Care workers who assist Iowans with disabilities could soon see pay raises averaging nearly $ 3 per hour, with help from state legislators.
A bill introduced in the Iowa House of Representatives Wednesday includes $ 14.6 million in extra Medicaid spending to increase wages paid to people who help Iowans with disabilities live in their homes or in small group settings instead of in nursing homes or institutions. Thousands of Iowa families have been struggling to find and keep such care services, because workers can find better pay for less stressful jobs in the tight labor market.
Each dollar of new state spending would draw down extra money from the federal government, which pays about two-thirds of the cost for Iowa’s Medicaid program.
Iowa Human Services Director Kelly Garcia said she hopes the extra money, if approved, would increase direct-care workers average pay from about $ 13 an hour to nearly $ 16 per hour.
“Our goal is to bring up that average wage to be more competitive. It is quite low right now, ”she said in an interview. She acknowledged that even with the raise, it could be tough to recruit workers to direct-care jobs.
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Over the past two years, the state government has used tens of millions of dollars in federal pandemic-relief money to offer bonuses for Iowans who work in direct care jobs. The new Medicaid money would offer permanent raises.
Jenn Wolff, a Waverly resident who uses a wheelchair and advocates for the rights of Iowans with disabilities, said Thursday that she knows several people who have had to stay in bed for days at a time because they could not find sufficient in-home care services that would accept Medicaid rates.
“These are such important jobs,” she said, and the people who do them should be paid accordingly. Even if average pay is raised to $ 16 per hour, the private care agencies would face stiff competition for workers with restaurants and other businesses, she said. “But it’s definitely a step in the right direction.” She added that a $ 3 raise could at least encourage more people who are already in the profession to keep doing it instead of taking other jobs.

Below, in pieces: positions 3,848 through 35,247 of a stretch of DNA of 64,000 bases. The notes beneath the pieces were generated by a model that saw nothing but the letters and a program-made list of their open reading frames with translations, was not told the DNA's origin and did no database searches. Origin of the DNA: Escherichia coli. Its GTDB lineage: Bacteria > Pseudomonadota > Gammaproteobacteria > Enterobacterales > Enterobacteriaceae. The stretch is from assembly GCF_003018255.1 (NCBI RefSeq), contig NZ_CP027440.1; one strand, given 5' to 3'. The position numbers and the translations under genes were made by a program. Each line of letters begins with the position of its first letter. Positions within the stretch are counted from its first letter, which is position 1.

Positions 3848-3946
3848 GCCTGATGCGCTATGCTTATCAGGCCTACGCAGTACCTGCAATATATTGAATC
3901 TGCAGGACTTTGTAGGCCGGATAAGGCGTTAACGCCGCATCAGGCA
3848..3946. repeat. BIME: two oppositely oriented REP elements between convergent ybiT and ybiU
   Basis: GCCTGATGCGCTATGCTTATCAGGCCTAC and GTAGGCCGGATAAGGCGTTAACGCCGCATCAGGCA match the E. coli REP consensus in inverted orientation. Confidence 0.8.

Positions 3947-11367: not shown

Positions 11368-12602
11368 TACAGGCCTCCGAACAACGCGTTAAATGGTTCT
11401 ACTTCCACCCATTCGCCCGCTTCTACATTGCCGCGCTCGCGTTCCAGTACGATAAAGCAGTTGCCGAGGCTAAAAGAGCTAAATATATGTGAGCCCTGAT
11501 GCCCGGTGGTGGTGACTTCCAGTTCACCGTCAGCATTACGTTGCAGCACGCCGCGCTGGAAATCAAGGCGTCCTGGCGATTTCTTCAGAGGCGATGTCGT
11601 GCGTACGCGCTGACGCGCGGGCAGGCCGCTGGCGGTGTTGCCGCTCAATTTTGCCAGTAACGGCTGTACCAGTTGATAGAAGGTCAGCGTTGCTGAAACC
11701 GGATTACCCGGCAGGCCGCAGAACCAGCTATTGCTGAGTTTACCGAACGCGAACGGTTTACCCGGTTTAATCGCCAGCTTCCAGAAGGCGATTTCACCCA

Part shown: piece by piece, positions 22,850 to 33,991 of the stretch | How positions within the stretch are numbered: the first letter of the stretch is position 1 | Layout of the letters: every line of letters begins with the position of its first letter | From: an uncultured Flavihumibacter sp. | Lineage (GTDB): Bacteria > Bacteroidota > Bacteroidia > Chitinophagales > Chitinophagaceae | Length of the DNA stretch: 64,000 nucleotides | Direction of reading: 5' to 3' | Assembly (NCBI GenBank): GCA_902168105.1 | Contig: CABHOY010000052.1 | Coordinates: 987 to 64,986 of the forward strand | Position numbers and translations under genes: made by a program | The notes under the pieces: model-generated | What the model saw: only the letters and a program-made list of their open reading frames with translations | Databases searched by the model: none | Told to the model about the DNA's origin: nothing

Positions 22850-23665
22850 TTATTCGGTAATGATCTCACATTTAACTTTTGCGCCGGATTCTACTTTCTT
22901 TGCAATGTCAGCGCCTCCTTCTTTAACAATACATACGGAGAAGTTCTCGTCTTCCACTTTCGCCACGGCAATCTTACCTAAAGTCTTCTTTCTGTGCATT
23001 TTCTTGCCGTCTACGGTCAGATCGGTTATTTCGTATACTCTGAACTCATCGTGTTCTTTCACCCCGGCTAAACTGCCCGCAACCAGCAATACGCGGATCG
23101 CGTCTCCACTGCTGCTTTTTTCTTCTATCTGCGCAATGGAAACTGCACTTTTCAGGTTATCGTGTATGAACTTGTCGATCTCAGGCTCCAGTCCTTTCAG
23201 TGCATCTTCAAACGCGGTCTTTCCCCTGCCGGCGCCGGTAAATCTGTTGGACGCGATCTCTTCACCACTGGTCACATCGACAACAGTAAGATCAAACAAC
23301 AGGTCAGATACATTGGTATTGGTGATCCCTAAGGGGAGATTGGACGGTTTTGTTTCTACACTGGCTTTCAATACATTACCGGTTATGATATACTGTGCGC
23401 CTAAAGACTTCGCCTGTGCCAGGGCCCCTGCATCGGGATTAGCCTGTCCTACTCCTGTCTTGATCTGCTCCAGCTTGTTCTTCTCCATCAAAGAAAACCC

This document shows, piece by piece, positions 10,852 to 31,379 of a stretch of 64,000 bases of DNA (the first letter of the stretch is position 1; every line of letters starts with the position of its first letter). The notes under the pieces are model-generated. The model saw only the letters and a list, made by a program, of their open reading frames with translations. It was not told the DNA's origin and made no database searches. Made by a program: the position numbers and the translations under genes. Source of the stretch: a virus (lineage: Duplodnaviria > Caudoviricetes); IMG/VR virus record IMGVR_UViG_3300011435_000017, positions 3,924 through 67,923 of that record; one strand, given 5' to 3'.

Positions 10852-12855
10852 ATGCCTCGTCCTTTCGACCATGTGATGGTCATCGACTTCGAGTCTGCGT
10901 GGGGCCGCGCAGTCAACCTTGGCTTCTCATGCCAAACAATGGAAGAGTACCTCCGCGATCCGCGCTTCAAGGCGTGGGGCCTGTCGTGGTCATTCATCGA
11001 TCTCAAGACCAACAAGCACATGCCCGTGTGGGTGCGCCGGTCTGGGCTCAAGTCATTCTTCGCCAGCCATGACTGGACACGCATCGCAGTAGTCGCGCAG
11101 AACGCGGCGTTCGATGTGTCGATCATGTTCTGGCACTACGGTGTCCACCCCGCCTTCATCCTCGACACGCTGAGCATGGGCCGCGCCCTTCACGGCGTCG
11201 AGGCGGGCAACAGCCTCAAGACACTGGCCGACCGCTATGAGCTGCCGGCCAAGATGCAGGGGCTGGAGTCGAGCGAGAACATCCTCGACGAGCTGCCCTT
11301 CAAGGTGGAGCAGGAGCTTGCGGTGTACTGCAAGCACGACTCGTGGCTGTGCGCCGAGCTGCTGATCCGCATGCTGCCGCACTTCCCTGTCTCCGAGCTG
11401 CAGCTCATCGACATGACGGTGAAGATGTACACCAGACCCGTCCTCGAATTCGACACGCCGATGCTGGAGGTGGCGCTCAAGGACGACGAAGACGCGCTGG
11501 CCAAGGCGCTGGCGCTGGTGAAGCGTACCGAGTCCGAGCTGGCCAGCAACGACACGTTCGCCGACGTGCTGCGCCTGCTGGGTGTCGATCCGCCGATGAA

The new money would be included in the budget for the Department of Human Services for the fiscal year that starts July 1. The budget bill unveiled this week also includes an extra $ 7.4 million to reduce a years-long waiting list for a special Medicaid program that helps Iowans with intellectual disabilities. And it includes $ 4 million to encourage home health care in rural areas.
State Rep. Joel Fry, an Osceola Republican who chairs the budget committee overseeing human services, noted in a meeting Thursday that the spending proposal comes as the state tries to reach a legal settlement with federal regulators over how such services are provided. The Department of Justice determined last year that Iowa relies far too heavily on institutions and nursing homes to care for people with disabilities and that the state needs to strengthen services to help people stay in their homes instead.
Federal officials also determined that Iowans with disabilities had been mistreated at the Glenwood Resource Center. State leaders are working on a legal agreement to improve services there and at a similar institution, the Woodward Resource Center.
Fry said the new budget bill includes money to address the federal officials’ demands, which will be spelled out in a settlement agreement that is still under negotiation.
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Tony Leys covers health care for the Register. Reach him at email@example.com or 515-284-8449.